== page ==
An Ash Wednesday reflection from Archbishop Sartain

Photo: Ahna Ziegler/Unsplash Photo: Ahna Ziegler/Unsplash

At moments of introspection or struggle, we can be both grateful and befuddled: grateful for all God has given us and befuddled at those aspects of our lives that confuse or embarrass us.

We have a sneaking suspicion that the key to self-understanding is deep within, in a secret place only God fully understands. We long to plumb our personal depths and give ourselves more fully to God. As the psalmist prayed, “In the secret of my heart, teach me wisdom” (51:8).

Today we start the Church’s penitential season, when we examine our consciences to uncover those ways in which we have allowed our lives to turn away from God and toward — and perhaps into — sin. For the Christian, repentance is always a good thing, an act of hope. That’s because we know that our sin is not the end of things, the final verdict on our lives. We know that God is rich in mercy, and he constantly calls us to turn toward him with a penitent heart — so that he can pour his mercy, his forgiveness, upon us. God never excludes anyone from his offer of forgiveness, and he longs for us to accept it.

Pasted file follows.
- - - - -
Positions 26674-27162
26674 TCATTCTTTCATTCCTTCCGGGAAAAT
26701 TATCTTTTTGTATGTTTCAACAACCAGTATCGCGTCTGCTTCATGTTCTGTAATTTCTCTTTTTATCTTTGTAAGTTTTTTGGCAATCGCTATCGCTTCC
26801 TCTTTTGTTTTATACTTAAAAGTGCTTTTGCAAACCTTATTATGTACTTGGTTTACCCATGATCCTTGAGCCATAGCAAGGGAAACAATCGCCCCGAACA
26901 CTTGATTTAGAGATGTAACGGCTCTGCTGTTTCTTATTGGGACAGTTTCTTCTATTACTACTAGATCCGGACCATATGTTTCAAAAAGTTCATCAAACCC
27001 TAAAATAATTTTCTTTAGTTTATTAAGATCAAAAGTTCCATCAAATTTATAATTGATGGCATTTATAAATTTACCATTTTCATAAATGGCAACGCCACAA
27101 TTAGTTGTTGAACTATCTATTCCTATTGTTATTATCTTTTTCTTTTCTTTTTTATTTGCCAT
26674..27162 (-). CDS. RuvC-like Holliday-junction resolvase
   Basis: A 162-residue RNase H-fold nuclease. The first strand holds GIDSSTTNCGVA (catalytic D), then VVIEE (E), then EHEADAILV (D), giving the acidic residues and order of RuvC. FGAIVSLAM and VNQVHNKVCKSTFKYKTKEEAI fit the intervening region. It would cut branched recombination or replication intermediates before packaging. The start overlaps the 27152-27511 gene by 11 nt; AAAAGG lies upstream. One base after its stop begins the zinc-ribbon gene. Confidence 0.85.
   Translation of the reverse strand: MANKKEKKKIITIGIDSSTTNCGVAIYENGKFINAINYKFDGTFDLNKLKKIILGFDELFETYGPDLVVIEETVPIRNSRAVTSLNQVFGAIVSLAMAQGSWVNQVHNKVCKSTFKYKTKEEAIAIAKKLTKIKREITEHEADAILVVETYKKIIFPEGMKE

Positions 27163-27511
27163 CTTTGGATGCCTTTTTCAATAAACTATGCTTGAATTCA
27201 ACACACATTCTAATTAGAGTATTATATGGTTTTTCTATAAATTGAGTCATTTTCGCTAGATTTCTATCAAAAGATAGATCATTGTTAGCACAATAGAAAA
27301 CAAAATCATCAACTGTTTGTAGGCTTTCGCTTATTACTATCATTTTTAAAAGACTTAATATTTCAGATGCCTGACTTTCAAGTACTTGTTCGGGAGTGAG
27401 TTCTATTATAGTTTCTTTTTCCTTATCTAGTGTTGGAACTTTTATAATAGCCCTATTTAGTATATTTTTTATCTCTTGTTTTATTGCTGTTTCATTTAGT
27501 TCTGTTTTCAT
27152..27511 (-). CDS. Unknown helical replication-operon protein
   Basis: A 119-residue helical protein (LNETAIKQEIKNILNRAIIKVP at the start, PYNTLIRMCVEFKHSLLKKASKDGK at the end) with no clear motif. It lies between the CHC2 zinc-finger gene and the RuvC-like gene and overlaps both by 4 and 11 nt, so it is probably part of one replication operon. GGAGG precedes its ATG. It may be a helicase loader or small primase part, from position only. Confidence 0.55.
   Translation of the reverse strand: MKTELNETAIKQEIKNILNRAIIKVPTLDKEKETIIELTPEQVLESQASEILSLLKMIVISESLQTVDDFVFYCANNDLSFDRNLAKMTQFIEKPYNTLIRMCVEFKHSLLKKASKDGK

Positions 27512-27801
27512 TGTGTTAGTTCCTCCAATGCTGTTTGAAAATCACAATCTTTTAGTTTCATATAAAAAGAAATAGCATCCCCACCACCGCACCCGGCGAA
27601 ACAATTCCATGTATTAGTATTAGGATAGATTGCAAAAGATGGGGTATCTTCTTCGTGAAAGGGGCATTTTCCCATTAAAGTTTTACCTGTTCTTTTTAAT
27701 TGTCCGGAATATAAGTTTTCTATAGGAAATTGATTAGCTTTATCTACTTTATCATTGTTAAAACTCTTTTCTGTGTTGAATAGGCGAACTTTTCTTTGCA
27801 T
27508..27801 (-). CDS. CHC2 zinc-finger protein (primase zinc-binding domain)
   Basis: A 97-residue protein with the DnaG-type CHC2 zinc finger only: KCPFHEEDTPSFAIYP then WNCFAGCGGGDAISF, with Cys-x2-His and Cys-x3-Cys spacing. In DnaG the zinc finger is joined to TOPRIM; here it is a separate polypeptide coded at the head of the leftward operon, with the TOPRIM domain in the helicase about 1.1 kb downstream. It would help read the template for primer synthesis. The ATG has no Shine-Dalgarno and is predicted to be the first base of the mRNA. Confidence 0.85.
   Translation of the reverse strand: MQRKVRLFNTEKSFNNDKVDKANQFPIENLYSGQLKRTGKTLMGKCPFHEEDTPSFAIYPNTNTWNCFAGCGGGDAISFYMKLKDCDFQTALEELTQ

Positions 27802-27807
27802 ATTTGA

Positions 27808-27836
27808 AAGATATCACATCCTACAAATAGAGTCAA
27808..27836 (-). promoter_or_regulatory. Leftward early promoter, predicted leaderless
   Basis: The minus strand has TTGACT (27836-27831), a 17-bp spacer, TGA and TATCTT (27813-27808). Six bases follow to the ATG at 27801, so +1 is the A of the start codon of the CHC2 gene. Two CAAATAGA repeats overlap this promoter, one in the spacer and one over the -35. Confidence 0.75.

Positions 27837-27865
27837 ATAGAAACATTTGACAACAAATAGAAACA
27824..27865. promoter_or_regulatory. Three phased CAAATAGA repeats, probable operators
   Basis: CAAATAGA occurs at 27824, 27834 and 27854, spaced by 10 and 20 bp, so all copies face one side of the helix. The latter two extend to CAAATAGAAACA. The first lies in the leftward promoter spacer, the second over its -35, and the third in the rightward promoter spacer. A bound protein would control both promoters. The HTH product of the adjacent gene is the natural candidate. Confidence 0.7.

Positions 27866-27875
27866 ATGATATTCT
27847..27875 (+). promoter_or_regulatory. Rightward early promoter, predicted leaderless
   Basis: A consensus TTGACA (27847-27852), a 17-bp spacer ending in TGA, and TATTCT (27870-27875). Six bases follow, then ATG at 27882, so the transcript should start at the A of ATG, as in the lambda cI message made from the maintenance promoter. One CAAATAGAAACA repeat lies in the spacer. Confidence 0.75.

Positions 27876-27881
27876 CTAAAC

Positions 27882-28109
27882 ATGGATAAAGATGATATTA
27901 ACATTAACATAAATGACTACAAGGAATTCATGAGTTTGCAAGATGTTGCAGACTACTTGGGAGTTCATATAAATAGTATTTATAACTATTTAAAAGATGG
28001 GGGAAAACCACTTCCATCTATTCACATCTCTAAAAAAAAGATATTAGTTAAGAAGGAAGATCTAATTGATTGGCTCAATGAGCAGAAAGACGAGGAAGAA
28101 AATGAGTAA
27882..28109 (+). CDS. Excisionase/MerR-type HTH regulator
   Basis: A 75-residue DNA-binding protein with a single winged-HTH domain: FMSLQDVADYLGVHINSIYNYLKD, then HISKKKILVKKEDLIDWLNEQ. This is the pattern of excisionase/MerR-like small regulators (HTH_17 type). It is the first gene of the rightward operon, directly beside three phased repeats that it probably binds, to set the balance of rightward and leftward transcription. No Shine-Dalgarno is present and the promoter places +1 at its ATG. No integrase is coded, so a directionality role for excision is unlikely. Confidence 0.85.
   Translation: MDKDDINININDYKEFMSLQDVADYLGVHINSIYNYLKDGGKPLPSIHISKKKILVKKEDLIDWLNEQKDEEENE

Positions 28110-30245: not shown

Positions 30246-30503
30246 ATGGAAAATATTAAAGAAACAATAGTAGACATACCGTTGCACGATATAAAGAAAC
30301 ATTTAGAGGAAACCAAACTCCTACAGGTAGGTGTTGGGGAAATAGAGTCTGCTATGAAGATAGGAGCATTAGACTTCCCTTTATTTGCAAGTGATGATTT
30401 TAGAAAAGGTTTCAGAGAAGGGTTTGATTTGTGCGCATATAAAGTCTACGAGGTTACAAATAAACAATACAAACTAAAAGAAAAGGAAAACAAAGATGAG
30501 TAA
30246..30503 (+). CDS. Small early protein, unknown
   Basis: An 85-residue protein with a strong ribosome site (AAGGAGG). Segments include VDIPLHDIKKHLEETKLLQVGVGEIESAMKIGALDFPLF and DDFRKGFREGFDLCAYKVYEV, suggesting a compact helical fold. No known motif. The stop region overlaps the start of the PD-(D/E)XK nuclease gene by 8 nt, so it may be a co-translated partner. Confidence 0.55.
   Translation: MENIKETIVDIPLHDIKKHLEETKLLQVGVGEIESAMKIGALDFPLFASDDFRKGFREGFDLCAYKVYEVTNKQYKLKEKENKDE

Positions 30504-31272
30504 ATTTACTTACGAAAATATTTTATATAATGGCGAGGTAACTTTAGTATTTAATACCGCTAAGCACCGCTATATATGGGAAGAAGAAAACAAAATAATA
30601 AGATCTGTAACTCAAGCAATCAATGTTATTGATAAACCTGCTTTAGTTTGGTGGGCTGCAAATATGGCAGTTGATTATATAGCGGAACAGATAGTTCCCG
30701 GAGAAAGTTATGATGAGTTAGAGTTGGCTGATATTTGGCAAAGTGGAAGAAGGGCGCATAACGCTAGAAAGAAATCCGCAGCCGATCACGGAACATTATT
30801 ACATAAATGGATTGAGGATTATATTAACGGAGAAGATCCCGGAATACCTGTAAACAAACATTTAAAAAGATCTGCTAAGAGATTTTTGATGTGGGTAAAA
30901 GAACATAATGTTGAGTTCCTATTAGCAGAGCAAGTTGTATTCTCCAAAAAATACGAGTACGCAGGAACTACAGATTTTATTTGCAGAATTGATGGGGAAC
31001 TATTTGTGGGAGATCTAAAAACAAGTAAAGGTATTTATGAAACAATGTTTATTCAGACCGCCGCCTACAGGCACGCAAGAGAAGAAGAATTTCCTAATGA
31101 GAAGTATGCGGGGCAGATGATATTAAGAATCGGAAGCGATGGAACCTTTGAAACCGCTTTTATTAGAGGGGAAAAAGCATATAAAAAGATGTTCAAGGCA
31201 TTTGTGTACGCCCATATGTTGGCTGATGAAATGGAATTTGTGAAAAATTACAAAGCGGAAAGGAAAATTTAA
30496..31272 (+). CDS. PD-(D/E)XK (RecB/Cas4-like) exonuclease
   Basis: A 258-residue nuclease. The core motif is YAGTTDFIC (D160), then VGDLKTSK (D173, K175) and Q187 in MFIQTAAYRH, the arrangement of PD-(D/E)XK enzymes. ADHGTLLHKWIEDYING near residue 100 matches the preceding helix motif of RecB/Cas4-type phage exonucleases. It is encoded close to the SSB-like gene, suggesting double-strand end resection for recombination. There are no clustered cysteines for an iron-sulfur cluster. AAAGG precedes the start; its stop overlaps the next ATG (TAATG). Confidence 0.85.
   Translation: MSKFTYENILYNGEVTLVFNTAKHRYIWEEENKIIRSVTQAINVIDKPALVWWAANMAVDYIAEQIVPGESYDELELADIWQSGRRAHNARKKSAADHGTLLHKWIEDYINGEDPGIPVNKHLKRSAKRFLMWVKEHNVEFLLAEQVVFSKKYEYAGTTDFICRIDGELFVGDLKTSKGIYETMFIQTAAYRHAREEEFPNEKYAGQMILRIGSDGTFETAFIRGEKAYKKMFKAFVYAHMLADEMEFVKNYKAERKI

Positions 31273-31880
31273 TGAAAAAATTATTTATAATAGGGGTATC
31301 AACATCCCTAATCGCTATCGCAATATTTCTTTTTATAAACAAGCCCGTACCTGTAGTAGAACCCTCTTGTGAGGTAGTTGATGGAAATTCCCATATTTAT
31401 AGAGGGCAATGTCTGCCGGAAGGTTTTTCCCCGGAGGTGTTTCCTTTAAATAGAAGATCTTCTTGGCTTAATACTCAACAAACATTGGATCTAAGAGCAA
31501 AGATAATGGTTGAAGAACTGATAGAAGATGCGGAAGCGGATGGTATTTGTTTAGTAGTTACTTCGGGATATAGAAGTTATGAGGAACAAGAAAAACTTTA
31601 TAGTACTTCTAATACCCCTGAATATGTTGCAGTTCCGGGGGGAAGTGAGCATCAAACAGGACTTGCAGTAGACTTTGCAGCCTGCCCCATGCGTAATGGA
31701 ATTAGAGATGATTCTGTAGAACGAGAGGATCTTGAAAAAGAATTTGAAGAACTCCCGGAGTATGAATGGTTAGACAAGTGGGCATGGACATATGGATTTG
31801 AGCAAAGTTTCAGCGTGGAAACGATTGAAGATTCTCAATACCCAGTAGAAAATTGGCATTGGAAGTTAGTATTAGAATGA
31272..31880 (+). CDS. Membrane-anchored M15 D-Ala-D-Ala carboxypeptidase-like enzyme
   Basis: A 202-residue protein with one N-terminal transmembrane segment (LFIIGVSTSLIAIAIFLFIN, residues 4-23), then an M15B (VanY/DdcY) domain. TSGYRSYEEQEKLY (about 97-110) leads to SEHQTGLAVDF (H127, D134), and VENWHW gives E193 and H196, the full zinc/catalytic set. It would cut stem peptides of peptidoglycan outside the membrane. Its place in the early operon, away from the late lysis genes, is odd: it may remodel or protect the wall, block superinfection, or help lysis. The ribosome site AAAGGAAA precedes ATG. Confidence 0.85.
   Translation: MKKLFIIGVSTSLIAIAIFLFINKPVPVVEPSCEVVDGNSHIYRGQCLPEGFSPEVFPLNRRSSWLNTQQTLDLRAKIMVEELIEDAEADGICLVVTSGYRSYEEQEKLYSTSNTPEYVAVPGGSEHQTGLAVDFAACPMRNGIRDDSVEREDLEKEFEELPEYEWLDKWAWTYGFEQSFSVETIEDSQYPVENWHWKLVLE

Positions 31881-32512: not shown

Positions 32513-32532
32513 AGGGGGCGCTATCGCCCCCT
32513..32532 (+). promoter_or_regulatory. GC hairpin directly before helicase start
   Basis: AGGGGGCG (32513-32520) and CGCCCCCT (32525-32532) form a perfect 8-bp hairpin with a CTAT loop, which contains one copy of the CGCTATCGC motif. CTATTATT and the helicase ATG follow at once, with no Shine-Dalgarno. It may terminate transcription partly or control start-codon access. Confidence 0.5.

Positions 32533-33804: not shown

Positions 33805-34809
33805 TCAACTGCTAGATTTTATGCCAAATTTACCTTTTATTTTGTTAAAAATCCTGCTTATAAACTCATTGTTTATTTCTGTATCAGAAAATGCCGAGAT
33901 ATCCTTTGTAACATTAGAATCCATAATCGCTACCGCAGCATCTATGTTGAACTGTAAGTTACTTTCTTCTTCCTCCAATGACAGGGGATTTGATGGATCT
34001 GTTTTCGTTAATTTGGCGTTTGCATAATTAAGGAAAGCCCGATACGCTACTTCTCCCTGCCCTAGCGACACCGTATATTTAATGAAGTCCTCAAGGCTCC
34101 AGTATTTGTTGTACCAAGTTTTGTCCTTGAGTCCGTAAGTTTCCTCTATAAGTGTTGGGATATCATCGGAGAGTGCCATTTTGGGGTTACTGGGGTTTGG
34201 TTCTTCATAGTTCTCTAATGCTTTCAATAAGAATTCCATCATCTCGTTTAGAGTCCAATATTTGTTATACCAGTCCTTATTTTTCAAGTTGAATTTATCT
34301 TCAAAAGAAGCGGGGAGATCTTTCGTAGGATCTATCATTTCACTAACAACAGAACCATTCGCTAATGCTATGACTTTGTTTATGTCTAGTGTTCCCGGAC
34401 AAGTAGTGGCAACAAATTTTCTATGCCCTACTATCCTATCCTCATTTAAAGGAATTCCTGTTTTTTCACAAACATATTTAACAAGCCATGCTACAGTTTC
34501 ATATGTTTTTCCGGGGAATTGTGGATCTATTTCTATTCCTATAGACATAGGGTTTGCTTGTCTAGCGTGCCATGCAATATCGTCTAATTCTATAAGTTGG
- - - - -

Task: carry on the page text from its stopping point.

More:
Jesus says that our Father “sees in secret.” Does he mean that his Father is always spying on us, ready to catch us at some transgression? To the contrary, he is reminding us that God loves us to the core of our being, from the tips of our toes to the deepest recesses of our hearts. He knows all too well that we tend to live on the surface and seek affirmation there. He calls us to something deeper.

When we give alms, pray, and fast, we are to do so quietly, humbly, anonymously — because in doing so we go out from ourselves and deep within, where his Father lovingly awaits us.

Archbishop J. Peter Sartain

Send your prayer intentions to Archbishop Sartain’s Prayer List, Archdiocese of Seattle, 710 Ninth Ave., Seattle, WA 98104.